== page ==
If Your Words Fall in The Forest, Does Anybody Hear Them?
May 22, 2020
Back before we were all ordered to hunker down at home – a mere few months ago, in other words – Richard (my long-suffering partner) and I went out to get a coffee.
There we were on a sunny Saturday morning, strolling along the sidewalk, minding our own business, when suddenly we heard a man shouting. We turned. We looked. We saw. A car stopped in the middle of busy (as it then was) College street. Through his open window, the driver was bellowing: “There’s a phone! There’s a phone!”
Naturally, we thought one of us had dropped our phone. But no, a quick pat down confirmed that both of us were fully with phone. Still, Shouting Man persisted, “There’s a phone! There’s a phone!”
Now Shouting Man has caught the attention of the guy behind us on the sidewalk. He too pats himself down and, apparently satisfying himself that he has not lost his phone, simply shakes his head and keeps walking.
And still, Shouting Man is barking: “There’s a phone! There’s a phone!” Finally, a woman appears on the south side of College Street. We watch as first she joins us in baffled head shaking. Then, miraculously, she seems to clue in. Dashing on to the street, she stoops down and scoops something up. Aha, a phone!
But it ain’t over til it’s over. Now Shouting Man is hollering something else: “She went in there!” Where? There! This is accompanied by wild arm waving, in the vague direction of the shops on the north side of the street. The phone-rescuing woman goes into one of the shops, and from our vantage point outside, we can see her handing a phone, the phone, to another woman. Phone rescuing woman exits, still shaking her head, and we all carry on.
Just another interesting little encounter in the neighbourhood. Or was it?
Since I am hard-wired to spot communication lessons in just about everything, I couldn’t help thinking: well, that just goes to show you what happens when you repeat a message over and over without bothering to check how – or indeed, if – it’s being received.
There were at least four sentient beings out there on College Street, and not one of us could figure out what Shouting Man was banging on about. Did this cause him to change tack? To try something different? Was he even conscious that his message was not registering? I’d have to say no. He was like the classic, unilingual tourist flailing around in a foreign country, convinced that if he only speaks louder, people will understand him.
But communication doesn’t work that way. Communication is a complex thing. It requires a sender, a message, a channel, and a receiver. And, here’s the tricky part: the receiver doesn’t passively absorb the message as the sender intends it. The receiver decodes, reconstructs and understands the message through multiple personal lenses. How the receiver interprets the message is influenced by their education, knowledge, experiences, attitudes, perceptions, culture, values, even current psychological state. In communication theory, this is known as “noise.” There’s always a lot of noise in every receiver’s head.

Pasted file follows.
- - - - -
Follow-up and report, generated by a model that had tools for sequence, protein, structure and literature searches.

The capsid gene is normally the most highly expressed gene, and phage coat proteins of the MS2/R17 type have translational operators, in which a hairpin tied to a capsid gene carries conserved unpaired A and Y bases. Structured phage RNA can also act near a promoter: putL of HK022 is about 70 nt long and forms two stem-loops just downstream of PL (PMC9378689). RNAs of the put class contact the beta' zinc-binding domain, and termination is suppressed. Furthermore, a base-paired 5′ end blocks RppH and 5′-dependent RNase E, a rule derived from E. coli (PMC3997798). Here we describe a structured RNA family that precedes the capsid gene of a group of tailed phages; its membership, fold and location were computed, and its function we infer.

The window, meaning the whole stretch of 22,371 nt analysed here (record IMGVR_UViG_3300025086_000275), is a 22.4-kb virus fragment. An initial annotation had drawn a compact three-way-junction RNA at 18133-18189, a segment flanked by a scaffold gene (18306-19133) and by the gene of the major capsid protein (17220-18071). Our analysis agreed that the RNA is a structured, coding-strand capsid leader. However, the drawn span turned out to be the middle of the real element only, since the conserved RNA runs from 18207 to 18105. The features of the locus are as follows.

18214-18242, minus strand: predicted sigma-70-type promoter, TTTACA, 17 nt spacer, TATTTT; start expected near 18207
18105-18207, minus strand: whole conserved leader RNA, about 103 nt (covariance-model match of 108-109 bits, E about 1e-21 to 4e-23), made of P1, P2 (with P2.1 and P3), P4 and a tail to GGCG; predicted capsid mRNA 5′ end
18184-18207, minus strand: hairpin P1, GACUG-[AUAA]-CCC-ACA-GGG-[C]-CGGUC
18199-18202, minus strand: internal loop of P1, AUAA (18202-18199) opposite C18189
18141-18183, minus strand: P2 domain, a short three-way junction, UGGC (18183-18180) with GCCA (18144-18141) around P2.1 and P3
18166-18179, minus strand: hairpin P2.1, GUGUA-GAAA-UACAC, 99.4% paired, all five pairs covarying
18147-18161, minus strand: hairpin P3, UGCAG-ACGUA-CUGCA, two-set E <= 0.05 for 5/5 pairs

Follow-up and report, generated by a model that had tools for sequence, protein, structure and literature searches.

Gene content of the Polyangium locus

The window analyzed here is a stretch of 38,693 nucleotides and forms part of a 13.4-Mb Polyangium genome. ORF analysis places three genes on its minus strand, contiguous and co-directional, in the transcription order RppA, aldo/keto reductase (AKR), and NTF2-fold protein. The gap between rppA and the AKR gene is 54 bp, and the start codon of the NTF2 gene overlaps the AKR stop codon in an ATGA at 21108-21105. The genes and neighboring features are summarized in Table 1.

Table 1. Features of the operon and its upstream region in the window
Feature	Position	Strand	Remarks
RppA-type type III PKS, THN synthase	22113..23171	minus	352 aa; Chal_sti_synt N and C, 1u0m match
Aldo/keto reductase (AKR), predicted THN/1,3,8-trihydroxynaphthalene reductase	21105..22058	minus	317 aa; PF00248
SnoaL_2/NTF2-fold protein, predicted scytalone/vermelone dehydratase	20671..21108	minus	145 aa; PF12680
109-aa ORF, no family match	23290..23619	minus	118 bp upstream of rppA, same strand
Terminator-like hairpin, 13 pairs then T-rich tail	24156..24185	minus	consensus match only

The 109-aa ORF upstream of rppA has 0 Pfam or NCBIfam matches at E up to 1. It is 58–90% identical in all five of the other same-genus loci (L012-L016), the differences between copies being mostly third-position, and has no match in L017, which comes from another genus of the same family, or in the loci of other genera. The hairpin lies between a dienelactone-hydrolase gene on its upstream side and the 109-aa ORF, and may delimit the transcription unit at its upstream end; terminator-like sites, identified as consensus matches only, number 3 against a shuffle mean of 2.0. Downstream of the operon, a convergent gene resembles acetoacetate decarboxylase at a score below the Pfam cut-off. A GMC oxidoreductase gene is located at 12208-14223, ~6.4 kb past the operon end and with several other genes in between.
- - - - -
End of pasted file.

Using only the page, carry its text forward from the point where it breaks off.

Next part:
So, how do we know if the receiver has understood our message? Feedback.
Feedback is the reason marketers invest so much time, effort and money into researching and testing different ideas and messages. Marketers use various tools and processes – surveys, focus groups, interviews – to find out if a proposed message will attract the attention of their target audience and, more importantly, whether it will resonate with that audience. If it doesn’t, they refine, adjust, or even go back to the drawing board.
You don’t have to be a marketer testing an expensive ad campaign to benefit from feedback. The best communicators seek feedback every single day. Every time you to stop to check – and I mean really check – if someone has understood your question, your point or your instructions, you are seeking feedback.
Every time you ask a colleague, a friend or family member to read your copy, whether it’s a single word, a sentence or an entire email, you are seeking feedback. We all know how useful that “outside eye” is to catch typos, misused words or wonky sentences.
Every time you engage a professional editor to proofread your prose, you are seeking feedback. You are testing out your message. Is it clear? Does it say what you want it to say? Will it strike a chord with your reader? Influence her or motivate her to take action?
You can even get feedback from yourself. When you pause to let your writing sit – overnight or for a few hours – you are, in effect, seeking feedback. You’re not the same person when you return to your copy. You have “fresh eyes.”
Some professionals I work with seem reluctant to ask their clients for feedback. I’m never sure what they’re afraid of discovering – God forbid they should get some actual, actionable data.
But client feedback is so valuable. We may think we’re doing a good job; we may think we’re sending “Baby Bear” communications to our clients (not too long, not too short, just right); we may think our invoices provide the kind of detail they need and want. But really, how do we know if we never ask?
Go ahead and ask! Most of your clients will be happy to give their opinion. It makes them feel valued, and the fact that you took the time to ask shows you care enough to provide personal service. Just make sure you follow up and make any changes they’ve asked for.
And while I'm dispensing advice, here's another one: Don't be barking at people from your car.
Feedback is an essential step in the communication process. Seek it early. Seek it often.